, Volume 78, Issue 6, pp 1303–1316

Are Chemical Kind Terms Rigid Appliers?

Original Article

DOI: 10.1007/s10670-012-9413-4

Cite this article as:
Rubin, M. Erkenn (2013) 78: 1303. doi:10.1007/s10670-012-9413-4


According to Michael Devitt, the primary work of a rigidity distinction for kind terms is to distinguish non-descriptional predicates from descriptional predicates. The standard conception of rigidity fails to do this work when it is extended to kind terms. Against the standard conception, Devitt defends rigid application: a predicate is a rigid applier iff, if it applies to an object in one world, it applies to that object in every world in which it exists. Devitt maintains that rigid application does the job of identifying nondescriptional predicates perfectly. I argue that Devitt is wrong about this. When we examine more closely alternative theories about the identity and persistence conditions of those entities to which mass terms apply, we find no plausible theory that has the result that a term is rigid iff it is non-descriptional.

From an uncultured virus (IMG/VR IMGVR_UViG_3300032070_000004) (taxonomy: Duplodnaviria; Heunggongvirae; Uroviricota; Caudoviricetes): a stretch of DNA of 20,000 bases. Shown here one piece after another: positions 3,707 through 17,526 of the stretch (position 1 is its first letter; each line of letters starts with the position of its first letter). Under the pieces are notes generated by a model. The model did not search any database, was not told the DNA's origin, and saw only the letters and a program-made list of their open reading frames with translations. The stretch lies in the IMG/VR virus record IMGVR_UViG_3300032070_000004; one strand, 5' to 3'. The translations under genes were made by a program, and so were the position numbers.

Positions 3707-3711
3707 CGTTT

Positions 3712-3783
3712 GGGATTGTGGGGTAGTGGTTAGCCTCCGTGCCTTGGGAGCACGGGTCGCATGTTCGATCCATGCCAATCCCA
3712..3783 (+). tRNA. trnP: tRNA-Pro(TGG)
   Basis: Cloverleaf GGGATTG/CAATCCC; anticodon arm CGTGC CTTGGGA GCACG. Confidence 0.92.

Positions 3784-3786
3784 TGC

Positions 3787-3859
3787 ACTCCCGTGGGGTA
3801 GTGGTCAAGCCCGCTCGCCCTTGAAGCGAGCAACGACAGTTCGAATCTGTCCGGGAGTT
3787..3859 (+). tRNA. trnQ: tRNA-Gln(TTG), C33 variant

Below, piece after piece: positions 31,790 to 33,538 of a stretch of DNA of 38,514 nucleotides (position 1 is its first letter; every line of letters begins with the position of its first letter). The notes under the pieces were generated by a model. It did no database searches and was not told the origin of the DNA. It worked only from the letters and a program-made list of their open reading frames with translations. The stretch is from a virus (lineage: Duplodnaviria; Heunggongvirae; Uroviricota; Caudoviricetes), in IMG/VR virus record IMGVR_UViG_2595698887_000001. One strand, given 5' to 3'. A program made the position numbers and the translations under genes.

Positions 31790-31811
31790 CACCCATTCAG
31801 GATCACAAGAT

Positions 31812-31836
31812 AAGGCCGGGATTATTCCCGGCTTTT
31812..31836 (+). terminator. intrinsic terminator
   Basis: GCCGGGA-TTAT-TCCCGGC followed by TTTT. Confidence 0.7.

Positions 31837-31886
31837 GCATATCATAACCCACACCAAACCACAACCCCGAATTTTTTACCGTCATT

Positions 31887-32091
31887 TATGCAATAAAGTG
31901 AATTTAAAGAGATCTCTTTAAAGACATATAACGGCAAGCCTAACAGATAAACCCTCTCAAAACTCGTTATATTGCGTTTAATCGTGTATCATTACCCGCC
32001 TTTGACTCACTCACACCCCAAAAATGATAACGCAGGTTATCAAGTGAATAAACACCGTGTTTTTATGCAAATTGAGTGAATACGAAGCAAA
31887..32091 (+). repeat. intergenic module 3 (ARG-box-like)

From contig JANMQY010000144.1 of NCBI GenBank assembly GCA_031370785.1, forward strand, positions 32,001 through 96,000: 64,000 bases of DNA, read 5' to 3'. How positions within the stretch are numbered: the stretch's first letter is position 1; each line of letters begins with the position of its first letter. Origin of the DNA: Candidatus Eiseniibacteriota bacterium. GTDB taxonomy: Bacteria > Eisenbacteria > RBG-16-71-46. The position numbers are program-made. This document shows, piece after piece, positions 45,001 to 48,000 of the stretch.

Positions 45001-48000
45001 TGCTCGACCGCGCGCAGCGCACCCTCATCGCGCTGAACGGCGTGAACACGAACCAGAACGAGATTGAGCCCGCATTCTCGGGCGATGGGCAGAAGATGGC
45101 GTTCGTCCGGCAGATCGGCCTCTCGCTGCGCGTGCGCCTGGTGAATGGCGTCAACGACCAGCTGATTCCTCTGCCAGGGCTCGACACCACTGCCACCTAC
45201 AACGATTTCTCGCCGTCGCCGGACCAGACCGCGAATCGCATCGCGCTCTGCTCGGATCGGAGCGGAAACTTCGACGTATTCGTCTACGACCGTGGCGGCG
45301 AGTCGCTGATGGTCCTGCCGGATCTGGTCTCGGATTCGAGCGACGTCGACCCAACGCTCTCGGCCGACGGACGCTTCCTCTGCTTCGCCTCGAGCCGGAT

Copyright information

© Springer Science+Business Media Dordrecht 2012

Authors and Affiliations

  1. 1.Philosophy, M207The University of Western AustraliaCrawleyAustralia

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